The process of imagining, forming and constructing environments
2015 Emerging Design Professional Award winner
CoCA alumna Meg Rowntree of Jasmax took home the Emerging Design Professional Award in an intensely contested category at the 2015 Interior Awards.
Along with a bespoke trophy, a $1, 500 cash prize was also presented to Rowntree at the awards and networking evening that took place on 17 June at St-Matthew-in-the-city, Auckland.
When: 6-8pm, Friday 29 May
Where: The Flux space, CoCA staff area, Block 1
Who: Spatial Design students and CoCA staff
Please join us for drinks, nibbles and chats this Friday!
To celebrate the end of semester and the opening of an exhibition of student work, Spatial Design 3rd and 4th year students are hosting an event in the Flux space – all CoCA staff welcome!
10 projects from our Whitiwhiti Korero: A Place to Practise brief will be on display. This work puts forward a series of speculative visions for the future of our creative campus, with a particular focus on the teaching, learning and making of art and design. It aims to generate conversation within our CoCA community about how the built environment of our campus might support our activities and aspirations.
We know you all have opinions about this important subject, so come and share them!
We will also be launching our 4th year student research publication –
SHIFT: Emerging perspectives in spatial design practice & theory.
More info about the Whitiwhiti Korero brief: http://www.spatialdesign.info/…/design-studio-iiia-project…/
Assemble, a collective of artists, designers and architects based in London, have been shortlisted for the Turner Prize – the UK’s foremost annual award for British visual artists. Much to the delight and surprise of members of the profession, this young collaborative team are the first spatial designers to be recognised by this prize in its three decade history, leading Sam Jacob to assert that they “represent something different: a validation of the belief that there are other ways of doing things.” The four nominees for the award also include London artist Bonnie Camplin and German-born Nicole Wermers.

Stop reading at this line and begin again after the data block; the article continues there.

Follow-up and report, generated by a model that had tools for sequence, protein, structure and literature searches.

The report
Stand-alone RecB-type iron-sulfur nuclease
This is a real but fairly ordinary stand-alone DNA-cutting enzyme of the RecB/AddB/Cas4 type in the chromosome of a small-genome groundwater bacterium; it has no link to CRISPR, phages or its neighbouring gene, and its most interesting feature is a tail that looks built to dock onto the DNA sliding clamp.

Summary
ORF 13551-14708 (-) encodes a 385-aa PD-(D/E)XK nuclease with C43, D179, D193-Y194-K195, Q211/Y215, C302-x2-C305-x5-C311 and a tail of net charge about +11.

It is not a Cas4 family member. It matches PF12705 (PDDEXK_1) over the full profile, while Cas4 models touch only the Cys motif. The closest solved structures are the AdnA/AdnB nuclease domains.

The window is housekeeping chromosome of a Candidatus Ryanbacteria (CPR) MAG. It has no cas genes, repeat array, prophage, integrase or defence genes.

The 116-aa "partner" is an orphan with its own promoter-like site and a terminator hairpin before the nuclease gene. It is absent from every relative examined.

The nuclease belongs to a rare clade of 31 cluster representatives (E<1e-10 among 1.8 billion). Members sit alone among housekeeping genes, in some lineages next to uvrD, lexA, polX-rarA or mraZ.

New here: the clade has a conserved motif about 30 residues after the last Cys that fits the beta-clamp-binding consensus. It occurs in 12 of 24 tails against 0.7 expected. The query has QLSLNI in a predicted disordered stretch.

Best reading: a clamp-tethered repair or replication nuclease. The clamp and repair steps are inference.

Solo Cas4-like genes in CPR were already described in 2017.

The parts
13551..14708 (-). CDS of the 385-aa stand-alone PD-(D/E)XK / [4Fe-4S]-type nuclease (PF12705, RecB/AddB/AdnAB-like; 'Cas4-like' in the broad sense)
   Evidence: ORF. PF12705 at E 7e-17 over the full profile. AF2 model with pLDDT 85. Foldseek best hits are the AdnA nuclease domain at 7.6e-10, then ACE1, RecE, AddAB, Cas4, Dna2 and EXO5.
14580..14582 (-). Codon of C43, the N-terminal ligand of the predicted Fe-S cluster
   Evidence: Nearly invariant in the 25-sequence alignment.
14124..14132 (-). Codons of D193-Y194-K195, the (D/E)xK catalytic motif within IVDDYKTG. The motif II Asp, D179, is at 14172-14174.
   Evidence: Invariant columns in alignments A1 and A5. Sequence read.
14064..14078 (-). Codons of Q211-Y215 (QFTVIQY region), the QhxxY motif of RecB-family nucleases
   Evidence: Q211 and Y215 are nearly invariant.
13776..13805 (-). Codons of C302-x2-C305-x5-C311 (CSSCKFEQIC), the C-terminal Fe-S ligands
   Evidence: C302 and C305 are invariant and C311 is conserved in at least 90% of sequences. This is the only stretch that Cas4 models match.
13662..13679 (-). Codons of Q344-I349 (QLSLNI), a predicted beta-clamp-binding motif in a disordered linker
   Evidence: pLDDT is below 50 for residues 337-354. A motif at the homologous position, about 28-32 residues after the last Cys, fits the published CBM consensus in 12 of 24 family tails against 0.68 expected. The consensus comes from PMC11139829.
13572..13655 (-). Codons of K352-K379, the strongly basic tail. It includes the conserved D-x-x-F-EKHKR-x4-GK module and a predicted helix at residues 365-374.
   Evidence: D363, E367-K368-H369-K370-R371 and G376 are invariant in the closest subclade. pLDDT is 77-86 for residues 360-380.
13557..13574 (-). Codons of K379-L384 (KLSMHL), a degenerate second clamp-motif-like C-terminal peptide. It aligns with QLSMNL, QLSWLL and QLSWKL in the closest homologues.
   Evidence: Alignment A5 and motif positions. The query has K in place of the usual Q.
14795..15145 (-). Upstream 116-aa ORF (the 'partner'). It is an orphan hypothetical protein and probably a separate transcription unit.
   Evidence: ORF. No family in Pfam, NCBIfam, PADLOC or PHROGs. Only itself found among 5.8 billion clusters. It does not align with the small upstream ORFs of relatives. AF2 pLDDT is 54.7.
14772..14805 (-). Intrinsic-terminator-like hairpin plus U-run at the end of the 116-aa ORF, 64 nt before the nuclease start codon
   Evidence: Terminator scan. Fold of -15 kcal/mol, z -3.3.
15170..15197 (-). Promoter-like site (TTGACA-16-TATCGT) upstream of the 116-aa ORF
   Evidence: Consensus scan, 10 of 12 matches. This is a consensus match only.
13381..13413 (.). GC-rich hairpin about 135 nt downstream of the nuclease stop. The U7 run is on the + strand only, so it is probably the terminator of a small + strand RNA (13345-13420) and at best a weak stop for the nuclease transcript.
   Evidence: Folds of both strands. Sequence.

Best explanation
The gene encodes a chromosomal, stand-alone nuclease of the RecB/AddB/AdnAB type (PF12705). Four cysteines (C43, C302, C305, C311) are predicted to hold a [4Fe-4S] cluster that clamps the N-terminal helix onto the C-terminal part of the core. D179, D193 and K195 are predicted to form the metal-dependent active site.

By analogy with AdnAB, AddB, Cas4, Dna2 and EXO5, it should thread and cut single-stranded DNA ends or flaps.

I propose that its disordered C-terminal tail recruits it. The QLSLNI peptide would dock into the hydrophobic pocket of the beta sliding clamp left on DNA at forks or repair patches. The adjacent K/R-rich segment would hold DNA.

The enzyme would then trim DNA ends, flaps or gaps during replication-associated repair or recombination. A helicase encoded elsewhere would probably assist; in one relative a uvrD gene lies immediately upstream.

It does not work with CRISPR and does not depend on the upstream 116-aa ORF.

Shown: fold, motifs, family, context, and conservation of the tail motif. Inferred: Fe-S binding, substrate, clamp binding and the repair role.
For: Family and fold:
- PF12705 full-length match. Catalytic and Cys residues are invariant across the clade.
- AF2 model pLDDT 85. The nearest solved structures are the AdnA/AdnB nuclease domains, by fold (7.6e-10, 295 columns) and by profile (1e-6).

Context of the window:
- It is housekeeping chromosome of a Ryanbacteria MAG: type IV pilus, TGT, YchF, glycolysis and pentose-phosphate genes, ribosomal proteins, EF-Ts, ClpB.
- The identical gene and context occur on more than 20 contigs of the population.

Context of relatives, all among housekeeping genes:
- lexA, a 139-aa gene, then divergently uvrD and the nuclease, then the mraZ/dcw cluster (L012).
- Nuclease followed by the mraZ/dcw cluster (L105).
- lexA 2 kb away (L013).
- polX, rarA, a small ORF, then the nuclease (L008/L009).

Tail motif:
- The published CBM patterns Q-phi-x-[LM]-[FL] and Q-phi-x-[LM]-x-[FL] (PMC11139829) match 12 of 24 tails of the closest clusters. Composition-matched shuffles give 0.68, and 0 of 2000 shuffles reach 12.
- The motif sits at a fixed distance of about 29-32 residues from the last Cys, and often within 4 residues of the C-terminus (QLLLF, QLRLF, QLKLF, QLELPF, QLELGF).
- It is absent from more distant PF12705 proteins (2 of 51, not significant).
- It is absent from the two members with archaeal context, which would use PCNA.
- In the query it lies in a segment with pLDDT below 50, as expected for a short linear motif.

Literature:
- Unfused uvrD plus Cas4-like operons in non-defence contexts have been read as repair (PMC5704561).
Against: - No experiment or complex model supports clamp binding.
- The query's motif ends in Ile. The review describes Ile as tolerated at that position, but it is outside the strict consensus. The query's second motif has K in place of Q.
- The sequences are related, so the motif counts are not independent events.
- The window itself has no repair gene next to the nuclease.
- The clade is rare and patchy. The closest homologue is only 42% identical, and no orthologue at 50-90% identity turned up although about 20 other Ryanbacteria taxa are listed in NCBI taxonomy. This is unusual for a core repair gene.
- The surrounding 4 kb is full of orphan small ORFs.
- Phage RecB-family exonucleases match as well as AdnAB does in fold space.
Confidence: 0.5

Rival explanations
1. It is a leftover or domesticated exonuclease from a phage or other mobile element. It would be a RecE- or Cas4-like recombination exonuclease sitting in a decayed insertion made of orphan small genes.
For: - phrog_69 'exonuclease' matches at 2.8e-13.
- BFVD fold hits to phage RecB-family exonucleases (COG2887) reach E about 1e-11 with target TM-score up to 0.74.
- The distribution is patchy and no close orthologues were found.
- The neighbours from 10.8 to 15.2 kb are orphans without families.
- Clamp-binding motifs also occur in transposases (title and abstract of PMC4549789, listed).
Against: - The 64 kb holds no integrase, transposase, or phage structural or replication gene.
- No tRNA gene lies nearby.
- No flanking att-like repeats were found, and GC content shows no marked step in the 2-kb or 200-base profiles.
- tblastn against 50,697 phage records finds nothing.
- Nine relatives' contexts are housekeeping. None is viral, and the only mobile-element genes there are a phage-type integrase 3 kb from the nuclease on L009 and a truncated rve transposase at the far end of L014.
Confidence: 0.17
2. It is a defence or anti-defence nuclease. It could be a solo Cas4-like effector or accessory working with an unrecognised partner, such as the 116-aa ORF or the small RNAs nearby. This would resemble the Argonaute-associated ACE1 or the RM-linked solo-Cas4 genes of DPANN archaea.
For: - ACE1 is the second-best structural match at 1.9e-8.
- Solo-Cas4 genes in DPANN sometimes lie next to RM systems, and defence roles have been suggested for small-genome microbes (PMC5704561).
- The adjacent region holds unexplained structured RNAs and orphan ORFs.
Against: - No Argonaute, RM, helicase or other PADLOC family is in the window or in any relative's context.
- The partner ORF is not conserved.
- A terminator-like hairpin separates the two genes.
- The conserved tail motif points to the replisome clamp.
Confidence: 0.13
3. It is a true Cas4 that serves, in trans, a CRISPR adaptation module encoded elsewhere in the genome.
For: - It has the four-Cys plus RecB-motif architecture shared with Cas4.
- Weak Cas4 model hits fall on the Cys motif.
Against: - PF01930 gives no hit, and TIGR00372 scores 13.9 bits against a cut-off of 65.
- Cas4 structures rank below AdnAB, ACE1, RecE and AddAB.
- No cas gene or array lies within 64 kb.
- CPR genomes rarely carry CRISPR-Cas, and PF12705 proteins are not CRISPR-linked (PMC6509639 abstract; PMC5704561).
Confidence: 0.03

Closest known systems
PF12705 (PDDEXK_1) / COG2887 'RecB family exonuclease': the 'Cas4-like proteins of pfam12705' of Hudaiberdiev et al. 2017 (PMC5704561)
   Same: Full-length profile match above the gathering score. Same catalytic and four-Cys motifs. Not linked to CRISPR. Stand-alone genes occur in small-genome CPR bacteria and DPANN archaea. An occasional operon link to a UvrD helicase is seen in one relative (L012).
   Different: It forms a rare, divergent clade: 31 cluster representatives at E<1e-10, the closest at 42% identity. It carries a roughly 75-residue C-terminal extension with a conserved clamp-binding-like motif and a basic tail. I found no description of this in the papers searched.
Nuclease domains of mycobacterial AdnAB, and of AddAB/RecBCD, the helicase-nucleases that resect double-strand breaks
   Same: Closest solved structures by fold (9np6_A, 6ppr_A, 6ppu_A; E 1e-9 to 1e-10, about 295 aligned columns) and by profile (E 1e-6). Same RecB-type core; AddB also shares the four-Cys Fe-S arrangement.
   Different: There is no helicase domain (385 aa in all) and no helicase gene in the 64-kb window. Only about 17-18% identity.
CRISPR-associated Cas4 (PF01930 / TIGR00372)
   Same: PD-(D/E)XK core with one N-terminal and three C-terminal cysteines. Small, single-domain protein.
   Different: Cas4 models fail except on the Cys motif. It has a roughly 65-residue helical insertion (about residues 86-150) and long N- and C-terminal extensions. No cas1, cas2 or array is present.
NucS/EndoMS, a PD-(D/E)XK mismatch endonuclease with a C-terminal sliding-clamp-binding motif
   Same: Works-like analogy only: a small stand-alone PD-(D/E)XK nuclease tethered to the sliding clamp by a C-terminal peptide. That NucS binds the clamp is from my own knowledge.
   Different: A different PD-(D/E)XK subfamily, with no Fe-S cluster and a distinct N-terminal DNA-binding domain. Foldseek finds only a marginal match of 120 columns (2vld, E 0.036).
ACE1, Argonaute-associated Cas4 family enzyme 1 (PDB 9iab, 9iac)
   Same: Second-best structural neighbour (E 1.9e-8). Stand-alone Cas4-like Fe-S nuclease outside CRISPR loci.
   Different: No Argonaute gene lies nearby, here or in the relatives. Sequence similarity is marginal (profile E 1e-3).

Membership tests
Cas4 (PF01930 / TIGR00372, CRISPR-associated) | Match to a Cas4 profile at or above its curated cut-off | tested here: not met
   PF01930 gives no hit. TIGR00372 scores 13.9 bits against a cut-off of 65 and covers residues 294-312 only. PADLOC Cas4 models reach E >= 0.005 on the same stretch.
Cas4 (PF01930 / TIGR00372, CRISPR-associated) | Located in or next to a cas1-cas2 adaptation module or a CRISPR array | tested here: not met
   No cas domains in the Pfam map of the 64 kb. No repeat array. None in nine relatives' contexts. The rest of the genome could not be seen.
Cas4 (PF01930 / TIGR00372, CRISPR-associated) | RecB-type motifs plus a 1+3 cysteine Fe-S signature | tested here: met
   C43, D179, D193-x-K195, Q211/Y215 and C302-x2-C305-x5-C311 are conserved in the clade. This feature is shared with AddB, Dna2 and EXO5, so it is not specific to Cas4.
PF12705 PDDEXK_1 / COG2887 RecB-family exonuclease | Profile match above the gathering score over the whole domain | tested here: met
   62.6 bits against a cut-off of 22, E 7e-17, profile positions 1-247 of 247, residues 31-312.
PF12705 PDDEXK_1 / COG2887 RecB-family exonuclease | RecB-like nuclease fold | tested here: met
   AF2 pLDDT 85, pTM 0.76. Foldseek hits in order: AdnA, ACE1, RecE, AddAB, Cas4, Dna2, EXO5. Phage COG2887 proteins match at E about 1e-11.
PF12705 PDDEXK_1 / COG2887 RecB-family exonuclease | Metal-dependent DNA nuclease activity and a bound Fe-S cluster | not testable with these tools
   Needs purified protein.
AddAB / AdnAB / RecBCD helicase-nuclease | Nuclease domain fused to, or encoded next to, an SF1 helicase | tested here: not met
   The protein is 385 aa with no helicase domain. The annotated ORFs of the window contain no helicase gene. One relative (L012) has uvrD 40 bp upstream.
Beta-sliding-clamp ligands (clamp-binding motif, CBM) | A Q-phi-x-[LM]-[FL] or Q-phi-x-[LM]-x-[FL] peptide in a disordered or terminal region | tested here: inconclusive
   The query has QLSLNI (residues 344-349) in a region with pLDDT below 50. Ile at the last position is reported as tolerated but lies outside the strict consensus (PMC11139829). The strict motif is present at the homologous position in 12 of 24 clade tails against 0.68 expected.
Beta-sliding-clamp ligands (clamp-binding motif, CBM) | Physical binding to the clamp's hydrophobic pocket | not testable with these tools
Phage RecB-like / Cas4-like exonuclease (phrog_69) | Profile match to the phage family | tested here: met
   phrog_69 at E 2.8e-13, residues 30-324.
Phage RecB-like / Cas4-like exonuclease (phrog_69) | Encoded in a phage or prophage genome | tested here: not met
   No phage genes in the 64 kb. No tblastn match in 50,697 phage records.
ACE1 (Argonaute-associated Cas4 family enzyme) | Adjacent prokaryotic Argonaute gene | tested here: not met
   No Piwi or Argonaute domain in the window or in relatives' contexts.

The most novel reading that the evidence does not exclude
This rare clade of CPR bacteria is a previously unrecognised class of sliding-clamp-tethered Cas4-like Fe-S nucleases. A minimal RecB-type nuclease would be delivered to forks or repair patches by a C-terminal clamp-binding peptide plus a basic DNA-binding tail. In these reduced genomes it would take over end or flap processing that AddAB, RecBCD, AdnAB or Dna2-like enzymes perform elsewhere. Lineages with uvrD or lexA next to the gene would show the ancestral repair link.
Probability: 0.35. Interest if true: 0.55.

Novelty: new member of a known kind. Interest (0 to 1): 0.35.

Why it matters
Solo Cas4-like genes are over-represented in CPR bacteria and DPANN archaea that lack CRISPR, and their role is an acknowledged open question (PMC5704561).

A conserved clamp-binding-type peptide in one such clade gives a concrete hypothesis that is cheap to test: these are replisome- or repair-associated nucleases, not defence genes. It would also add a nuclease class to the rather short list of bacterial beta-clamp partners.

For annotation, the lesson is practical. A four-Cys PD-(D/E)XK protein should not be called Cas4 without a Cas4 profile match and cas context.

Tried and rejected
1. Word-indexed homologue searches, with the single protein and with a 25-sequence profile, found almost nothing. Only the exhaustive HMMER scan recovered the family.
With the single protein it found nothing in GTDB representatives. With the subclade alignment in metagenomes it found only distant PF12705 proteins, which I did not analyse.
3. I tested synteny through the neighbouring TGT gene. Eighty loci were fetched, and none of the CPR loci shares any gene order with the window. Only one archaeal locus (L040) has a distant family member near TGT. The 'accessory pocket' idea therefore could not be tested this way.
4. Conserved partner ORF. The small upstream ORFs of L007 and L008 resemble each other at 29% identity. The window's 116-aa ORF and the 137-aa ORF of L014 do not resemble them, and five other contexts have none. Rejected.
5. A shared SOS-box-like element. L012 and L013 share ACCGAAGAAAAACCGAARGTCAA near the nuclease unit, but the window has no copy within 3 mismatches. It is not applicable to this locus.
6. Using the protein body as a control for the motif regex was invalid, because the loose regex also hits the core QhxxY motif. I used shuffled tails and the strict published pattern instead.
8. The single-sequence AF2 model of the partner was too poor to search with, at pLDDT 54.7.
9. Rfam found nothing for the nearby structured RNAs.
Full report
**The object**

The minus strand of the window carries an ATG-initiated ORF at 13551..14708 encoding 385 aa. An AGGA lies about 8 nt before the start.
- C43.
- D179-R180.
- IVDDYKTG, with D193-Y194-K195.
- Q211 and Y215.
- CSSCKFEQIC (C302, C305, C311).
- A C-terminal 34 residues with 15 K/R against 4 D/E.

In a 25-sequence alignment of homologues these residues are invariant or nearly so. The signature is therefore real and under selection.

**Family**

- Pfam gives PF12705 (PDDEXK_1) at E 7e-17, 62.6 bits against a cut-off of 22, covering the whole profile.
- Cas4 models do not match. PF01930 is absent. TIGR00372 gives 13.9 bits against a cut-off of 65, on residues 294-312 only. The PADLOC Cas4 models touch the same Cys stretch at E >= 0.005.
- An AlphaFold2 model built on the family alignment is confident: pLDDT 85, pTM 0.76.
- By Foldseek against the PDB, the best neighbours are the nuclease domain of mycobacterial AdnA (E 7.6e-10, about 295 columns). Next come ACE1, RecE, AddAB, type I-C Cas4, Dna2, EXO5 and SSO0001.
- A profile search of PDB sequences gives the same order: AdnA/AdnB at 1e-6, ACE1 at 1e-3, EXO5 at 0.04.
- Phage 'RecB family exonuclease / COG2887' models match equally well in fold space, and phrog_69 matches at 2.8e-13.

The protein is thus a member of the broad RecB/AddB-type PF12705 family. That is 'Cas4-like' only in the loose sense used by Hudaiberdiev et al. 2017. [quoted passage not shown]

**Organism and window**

Comprised of eighteen members and established in 2010, their working practice “seeks to address the typical disconnection between the public and the process by which places are made.” They have championed a working practice which is both independent and collaborative, developing projects which engage the public as both a participant and collaboration in the on-going realisation of the work. Although the majority of the collective studied architecture at Cambridge University, others are from backgrounds rooted in the study of English, History, Philosophy, or construction.
The project which clinched their inclusion on the shortlist is Granby Four Streets, a cluster of terraced houses in Toxteth, Liverpool. Their approach to this project has centred on “a sustainable and incremental vision for the area that builds on the hard work already done by local residents and translates it to the refurbishment of housing, public space and the provision of new work and enterprise opportunities.”
Taylor-Foster, James. “London Collective Assemble Shortlisted For The Turner Prize” 13 May 2015.ArchDaily. Accessed 15 May 2015. <http://www.archdaily.com/?p=630987>
Wellington – Thursday May 21st
City Gallery, Civi Square, 101 Wakefield Street, Wellington
Drinks at 6:00pm
ALL Students and Graduates: FREE
IMO Group Ltd – Sam Haughton
CUSTANCE – Jonathan Custance
Fisher & Paykel Product Development
Designworks and Massey University, Co-nnect – Adam Cansino and Chloe Lassen
Coffee Supreme Ltd – Al Keating and Doug Johns
One Design – David Macdonald
Design drawings, renders and visualizations are part of the design process.
James Corner describes this in his collection of essays
“The Landscape Imagination”
Drawing and making in the landscape medium Pg 182-184
The Misuse of Drawing
“Projections, notations, and representations are all, though in differing ways, indirect, abstract, incongruous, and anterior in relation to the landscape medium. These qualities have led to two major misconceptions about the value and action of drawing in contemporary design. The first misuse occurs when emphasis is placed on the drawing itself, as if the drawing is the artistic and prized artifact. In this camp, the seductive qualities of drawing promote a detached and personal preoccupation with it, whereupon the drawing is over privileged as an art form unto itself. It is commonplace today to see autonomous and self-referential drawings as the bearers of effect and focus of attention. Such works are eminently consumable, affording a visual feast for those with an appetite, while remaining ineffectual with regard to the actual production and experience of landscape.”